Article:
K-nearest neighbours algorithm in R

K-nearest neighbours algorithm (k-NN) is a method used for classification and regression . This post is about how to implement a simple solution for classification using R programming language.

K-nearest neighbors algorithm
Image Source: Wikipedia

How k-NN works

k-NN is classified as a Lazy Learning algorithm that takes a dataset and keeps the training examples for later use. In this post We will analyze a forecast rain dataset, below 5 of 100 examples:

Temperature Humidity Wind Speed Rain
68530no
149035no
15868yes
215615yes
17679yes

k-NN uses examples provided by the the dataset in order to make predictions, comparing previous features with new ones, in order to do that, it builds a 2 dimensional coordinate space where one axis is the weighted sum of all features and the other axis is the outcome. The graphic below represents 5 points where the "y" axis is the weighted sum of the features (Temperature, Humidity, Wind Speed) and the "x" axis represents the outcome "yes" or "no":

dataset graphic
Weighted sum of the features (Temperature, Humidity, Wind Speed)

Similarity measure and Majority Voting

K-NN finds out the k closest neighbours to certain input feature, a common way to do that is by applying Euclidean distance . The decision of classifying a new forecast query as "yes" or "no" is decided by the number of votes of the k nearest neighbours. If the majority of neighbours are closer to the "yes" or 1, then the outcome will be "yes", otherwise, it will be "no". Is not required but highly recommended to choose an odd number as parameter k.

The image below shows how a red point A is closer to "no" or 0 and a blue point B is closer to 1 or "yes":

closests
Red point A is closer to "no" or 0 and a blue point B is closer to 1 or "yes"

k-NN implmentation

Loading input file

The functions below will load and process the dataset file:

    load_dataset return ( <-  function (file_name) {
        # opens a csv file
        dataset <- read.csv(file_name, header=FALSE)
        return (dataset)
    }

Normalizing data and Reordering Randomly

Values in dataset are numbers that are in different ranges, the next function will apply min-max data normalization to transform all the values to numbers in a scale between 0 and 1 and will transform yes and no to 1 or 0. After the normalizing, this function will return a random ordered version of the dataset:

    normalize_dataset  <- function (dataset) {

        normalize_number <- function (column) {
            # applies min-max normalization using the formula
            # zi = (xi - min(x)) / ( max(x) - min(x))
            max = max(column)
            min = min(column)
            return ( (column - min) / (max - min) )
        }

        normalize_yes_no  <- function (column) {
            #turns yes to 1 and no to 0
            n = length(column)
            result = vector(length=n)

            for(i in 1:n) {
                if ( column[i] == "yes") {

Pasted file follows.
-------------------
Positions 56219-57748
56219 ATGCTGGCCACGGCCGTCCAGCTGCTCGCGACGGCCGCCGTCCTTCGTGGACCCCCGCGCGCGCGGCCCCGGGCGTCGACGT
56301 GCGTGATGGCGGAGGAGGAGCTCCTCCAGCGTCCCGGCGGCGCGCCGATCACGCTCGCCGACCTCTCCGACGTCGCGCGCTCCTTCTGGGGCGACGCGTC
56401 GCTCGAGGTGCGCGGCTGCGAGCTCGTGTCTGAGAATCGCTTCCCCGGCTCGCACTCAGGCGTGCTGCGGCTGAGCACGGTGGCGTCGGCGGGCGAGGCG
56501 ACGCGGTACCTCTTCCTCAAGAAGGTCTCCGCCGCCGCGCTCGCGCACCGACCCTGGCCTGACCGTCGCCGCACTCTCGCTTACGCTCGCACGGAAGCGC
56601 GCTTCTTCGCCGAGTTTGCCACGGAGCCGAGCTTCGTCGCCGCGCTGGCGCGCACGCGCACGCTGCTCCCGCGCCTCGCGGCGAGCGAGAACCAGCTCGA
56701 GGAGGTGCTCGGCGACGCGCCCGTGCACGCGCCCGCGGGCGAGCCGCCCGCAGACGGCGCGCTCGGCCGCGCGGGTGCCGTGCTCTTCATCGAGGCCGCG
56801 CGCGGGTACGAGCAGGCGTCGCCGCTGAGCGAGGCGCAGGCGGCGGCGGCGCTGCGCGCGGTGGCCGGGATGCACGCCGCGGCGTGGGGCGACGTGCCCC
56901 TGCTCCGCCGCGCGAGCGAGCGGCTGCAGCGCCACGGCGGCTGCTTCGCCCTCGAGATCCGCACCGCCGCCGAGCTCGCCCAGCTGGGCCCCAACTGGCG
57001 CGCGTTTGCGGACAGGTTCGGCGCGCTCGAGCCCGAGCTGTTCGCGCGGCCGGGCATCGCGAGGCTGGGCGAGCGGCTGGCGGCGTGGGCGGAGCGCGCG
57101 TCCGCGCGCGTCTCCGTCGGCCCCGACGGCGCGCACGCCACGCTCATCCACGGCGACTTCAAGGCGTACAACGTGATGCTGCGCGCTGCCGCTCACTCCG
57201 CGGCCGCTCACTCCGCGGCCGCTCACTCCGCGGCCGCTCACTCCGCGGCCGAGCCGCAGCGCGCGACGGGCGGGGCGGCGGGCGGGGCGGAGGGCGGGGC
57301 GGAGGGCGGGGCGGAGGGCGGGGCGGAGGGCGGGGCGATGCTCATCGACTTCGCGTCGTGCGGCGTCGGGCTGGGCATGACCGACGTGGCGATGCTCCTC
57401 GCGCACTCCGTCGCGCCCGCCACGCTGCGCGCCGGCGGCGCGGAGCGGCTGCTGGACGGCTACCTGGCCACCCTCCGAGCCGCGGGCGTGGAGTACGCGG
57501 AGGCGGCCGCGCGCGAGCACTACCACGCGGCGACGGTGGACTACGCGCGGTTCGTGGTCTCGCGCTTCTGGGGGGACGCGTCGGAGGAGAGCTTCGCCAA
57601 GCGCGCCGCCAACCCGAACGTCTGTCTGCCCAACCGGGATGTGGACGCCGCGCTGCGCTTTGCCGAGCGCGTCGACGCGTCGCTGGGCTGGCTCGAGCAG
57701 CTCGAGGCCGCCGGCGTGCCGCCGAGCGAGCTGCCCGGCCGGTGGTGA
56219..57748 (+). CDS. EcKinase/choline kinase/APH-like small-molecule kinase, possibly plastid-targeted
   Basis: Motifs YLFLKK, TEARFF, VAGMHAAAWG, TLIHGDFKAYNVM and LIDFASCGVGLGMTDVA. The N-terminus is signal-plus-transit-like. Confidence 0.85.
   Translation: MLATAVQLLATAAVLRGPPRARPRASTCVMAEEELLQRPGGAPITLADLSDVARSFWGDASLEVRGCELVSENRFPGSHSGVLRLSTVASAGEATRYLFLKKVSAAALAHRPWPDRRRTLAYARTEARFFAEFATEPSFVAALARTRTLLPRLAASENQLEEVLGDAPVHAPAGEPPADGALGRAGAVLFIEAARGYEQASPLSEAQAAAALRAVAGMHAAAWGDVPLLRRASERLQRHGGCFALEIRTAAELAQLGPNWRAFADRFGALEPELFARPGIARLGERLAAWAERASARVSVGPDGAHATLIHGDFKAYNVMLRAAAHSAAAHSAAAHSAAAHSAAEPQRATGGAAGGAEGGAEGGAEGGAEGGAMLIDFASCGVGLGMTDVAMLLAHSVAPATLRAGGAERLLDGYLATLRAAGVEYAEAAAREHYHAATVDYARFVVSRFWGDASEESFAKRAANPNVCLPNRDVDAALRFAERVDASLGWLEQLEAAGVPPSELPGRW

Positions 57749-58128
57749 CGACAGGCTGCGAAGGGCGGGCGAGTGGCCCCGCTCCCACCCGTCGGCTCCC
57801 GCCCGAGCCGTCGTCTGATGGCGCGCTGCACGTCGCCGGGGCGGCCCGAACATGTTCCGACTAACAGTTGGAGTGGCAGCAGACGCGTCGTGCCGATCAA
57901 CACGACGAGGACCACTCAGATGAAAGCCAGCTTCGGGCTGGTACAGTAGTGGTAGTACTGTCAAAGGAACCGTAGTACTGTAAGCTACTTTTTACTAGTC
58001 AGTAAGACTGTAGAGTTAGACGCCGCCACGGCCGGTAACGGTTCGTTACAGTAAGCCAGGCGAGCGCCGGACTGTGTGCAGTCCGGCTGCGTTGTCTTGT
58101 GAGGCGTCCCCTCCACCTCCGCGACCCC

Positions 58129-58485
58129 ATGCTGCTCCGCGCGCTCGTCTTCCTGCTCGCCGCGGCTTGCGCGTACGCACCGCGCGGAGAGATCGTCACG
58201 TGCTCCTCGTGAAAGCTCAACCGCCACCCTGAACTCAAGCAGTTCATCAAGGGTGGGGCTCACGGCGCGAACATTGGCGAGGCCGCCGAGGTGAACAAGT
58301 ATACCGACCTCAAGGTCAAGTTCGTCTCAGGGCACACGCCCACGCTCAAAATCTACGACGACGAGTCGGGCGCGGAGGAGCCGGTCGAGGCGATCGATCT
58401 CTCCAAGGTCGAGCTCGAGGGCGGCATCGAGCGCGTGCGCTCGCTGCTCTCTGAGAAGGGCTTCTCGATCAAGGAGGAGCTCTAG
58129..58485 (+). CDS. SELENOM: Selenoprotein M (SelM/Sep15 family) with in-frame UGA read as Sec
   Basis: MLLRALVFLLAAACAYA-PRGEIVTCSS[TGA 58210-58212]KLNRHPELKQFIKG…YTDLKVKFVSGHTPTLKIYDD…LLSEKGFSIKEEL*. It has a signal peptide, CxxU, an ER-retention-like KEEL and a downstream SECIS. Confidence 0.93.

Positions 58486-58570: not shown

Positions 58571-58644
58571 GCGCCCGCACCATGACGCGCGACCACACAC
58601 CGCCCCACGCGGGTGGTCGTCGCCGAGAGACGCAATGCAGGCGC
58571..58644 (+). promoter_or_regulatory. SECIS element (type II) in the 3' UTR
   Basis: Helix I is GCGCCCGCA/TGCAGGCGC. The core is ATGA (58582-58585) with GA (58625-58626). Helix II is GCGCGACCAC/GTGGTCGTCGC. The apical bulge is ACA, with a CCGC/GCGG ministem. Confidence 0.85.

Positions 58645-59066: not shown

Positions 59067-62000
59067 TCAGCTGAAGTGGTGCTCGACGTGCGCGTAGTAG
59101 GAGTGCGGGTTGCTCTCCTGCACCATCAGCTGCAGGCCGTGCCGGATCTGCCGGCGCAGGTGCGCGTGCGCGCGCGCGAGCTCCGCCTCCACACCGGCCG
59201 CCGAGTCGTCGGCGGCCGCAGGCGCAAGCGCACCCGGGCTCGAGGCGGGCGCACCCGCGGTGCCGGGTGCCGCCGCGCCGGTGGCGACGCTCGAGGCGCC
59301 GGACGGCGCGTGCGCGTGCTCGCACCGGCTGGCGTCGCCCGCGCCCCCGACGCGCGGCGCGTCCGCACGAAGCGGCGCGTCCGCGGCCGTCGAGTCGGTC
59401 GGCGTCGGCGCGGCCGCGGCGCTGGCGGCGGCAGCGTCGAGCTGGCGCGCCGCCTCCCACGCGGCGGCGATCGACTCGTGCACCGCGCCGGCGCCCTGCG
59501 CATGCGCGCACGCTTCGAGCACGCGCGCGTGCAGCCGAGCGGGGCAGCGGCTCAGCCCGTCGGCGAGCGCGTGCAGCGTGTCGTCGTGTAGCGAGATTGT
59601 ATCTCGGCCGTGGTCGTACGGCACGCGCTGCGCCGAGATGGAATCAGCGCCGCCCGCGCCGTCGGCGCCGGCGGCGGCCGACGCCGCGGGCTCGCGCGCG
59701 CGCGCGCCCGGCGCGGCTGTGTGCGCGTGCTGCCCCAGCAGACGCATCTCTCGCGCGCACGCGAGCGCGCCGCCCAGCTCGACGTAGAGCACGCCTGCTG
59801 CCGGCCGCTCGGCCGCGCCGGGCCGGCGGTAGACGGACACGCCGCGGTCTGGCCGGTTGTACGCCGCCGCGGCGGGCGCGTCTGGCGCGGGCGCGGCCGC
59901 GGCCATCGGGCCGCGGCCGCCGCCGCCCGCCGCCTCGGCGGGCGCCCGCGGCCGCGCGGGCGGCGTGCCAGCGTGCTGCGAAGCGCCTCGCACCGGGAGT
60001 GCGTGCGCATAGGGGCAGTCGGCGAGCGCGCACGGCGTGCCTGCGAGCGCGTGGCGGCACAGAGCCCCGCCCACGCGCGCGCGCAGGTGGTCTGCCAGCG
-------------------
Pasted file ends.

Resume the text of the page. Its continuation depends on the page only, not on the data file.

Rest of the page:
result[i] = 1
                } else {
                    result[i] = 0
                }
            }

            return (result)
        }

        dataset[1] <- normalize_number(dataset[1])
        dataset[2] <- normalize_number(dataset[2])
        dataset[3] <- normalize_number(dataset[3])
        dataset[4] <- normalize_yes_no(dataset[,4])

        randomnize_dataset <- function(dataset) {
            # reorder dataset randomly
            rnumbers <- runif(nrow(dataset))
            return(dataset[order(rnumbers), ])
        }

        return (randomnize_dataset(dataset))
    }

Training Example VS Test Example

We will split the dataset into 2 datasets: one for training and another for testing. It is considered a good practice to have at least 10% of the dataset for testing porpouses, in this example We will use 15%, because We have 100 examples the test dataset will size will be 15 and the training dataset will be 85:

    dataset_train <- dataset[1:85,]
    dataset_test <- dataset[86:100,]

Now We need to create target datasets for train and test datasets, the target dataset will contain the forecast ( "yes" -> 1 , "no" ->0)

    dataset_train_target <- dataset[1:85, 4]
    dataset_test_target <- dataset[86:100, 4]

We can use the function knn to call the algorithm passing the datasets that we created previously and some value k:

    # loading package
    require(class)
    model1 <- knn(train=dataset_train, test=dataset_test, cl=dataset_train_target, k=3)

model1 variable will contain the prediction for the features of the test dataset. Now We can test how well knn predicted the test dataset just comparing the original dataset

  result = table(dataset_test_target, model1)

The result is the table described below, and as We can see there is a perfect match between the dataset and the predicted data:

model1
dataset_test_target01
0120
103

Source code of this example can be found at this link

References